2 tablespoons butter (I often use garlic butter as I keep it mixed and ready)
1 medium onion, diced (purple or red onion adds color and works well)
1 green bell pepper, diced
1 (10-oz.) can diced tomatoes and green chiles (I use Rotel brand, mild)
1 (8-oz.) package pasteurized prepared cheese product, cubed (I use Velveeta)
3 cups chopped cooked chicken (I use three chicken breasts)
1 (10- 3/4-oz.) can cream of chicken soup
1/2 cup sour cream
1 teaspoon chili powder
1/2 teaspoon ground cumin
1 1/2 cups (6 oz.) shredded Cheddar cheese
You can use precooked deli chicken, and chop it, but avoid highly-seasoned chicken such as blackened or with fajita spices. I cook my own chicken breasts, usually microwaved for expediency, but have baked them as well.
At times I have substituted half of the “prepared cheese product” for Fontina, and for Manchengo. Any cheese that melts well works, but I have to admit that I love the richness of the old-time yellow Velveeta.
If I have them on hand, I substitute the diced green bell pepper for the small mini-peppers in red, orange and yellow, cut into rings, not sauteed, but added at the same time I add the pasta.
I do all my prep work before I start bringing the pasta water to a boil, as the pasta is added last and should be hot, rather than cooling in a strainer. Cook the pasta according to package directions. Less time is usually better as the dish also goes in the oven; for instance, my “Flowers” call for 7-8 minutes. At 5-6 minutes I drain mine (after testing).
Melt the butter in a large Dutch oven over medium-high heat. Add onion and bell pepper (if I use the little pepper rings, I add them last, just before adding the hot pasta — they cook in the oven and still retain their shape) and sauté 5 minutes or until tender.
Lower the heat to medium or a little less. Stir in tomatoes and green chilies with the liquid, and the prepared cheese product, cook, stirring constantly 2 minutes or until cheese melts. Stir in chopped chicken, cream of chicken soup, sour cream, chili powder, and cumin. Blend in the drained, hot pasta.
Pour mixture into prepared dish. Top with shredded cheese.
Bake at 350° for 25 to 30 minutes or until bubbly.
I add the shredded cheese on top, after thawed and brought to room temperature. Since the dish is not hot when you put it in the oven, you have to make sure it’s heated all the way through; 30-35 minutes is usually enough, but I check it by inserting a wide spatula. If not yet heated through, I make two wide spatula cuts and rock the spatula back and forth to make a little crevice to let the heat in, and sometimes I run the spatula around the edges of the dish to allow more heat.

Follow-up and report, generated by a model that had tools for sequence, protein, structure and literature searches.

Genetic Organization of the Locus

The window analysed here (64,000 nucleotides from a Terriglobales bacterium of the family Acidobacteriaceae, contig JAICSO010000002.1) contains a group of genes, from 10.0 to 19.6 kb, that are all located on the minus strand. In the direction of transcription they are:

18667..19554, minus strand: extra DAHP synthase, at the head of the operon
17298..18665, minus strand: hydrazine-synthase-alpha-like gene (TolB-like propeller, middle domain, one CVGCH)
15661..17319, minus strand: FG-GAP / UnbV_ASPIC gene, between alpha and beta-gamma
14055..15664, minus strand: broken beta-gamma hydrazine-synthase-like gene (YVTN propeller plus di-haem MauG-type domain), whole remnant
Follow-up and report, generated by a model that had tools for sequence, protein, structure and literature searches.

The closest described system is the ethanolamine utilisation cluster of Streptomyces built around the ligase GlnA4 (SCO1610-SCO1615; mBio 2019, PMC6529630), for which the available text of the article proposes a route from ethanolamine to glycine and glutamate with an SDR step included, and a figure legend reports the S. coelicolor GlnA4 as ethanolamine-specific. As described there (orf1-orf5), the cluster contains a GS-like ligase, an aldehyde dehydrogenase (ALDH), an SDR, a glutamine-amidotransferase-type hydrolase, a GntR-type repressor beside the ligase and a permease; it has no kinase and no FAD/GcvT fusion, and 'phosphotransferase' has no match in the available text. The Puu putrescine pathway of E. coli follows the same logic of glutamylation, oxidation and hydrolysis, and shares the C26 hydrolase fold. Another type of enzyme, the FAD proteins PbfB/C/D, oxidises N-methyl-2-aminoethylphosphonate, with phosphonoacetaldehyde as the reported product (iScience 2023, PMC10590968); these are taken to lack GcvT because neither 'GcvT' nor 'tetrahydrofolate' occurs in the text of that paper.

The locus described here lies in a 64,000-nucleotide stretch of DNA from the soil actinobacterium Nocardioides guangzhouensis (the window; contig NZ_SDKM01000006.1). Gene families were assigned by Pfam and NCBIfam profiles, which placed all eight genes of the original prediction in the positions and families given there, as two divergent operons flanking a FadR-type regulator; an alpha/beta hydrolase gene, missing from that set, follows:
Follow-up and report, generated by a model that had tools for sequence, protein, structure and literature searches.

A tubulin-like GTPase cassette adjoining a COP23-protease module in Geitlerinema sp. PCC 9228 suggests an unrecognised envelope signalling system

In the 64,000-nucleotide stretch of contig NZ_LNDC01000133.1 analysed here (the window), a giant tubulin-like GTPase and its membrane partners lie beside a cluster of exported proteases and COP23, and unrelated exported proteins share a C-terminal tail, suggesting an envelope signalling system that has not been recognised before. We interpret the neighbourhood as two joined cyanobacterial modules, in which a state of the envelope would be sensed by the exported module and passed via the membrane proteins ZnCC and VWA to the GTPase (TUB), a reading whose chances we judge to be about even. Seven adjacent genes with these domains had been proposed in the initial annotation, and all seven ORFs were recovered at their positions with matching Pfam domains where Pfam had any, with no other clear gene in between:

I serve this mac and cheese with a side salad, usually half-and-half romaine and spring mix. I add crunchy cabbage, sometimes from a packaged cole slaw mix, sometimes I use red cabbage. Radishes are good — avocado, for me, is a bit much for dish. When serving this salad with a meat dish, not a casserole, I add all the crunch I can for fiber — tiny broccoli florets, tiny pieces of cauliflower, tomatoes, of course, chopped apples, sesame seeds, whatever you love.
I have a standard Dijon vinaigrette that I keep on hand. It’s my go-to salad dressing. I double the recipe below:
1 oz. Balsamic vinegar (I pear-infused Balsamic)
1 clove chopped garlic
1 teaspoon Dijon mustard
1/8th teaspoon salt (I generally use slightly more)
1/8th teaspoon pepper
4 oz. extra virgin, cold-pressed olive oil
I tend to think of wines by season. I have two reds I will have on hand this summer, although both are winter wines as well. We have “patio” guests during the summer months, and do some grilling, so I shop particularly for the warmer months: The Crusher Red Blend 2011 and the Portillo Malbec 2012 will be a staple. Haven’t shopped for my summer whites yet, but will soon.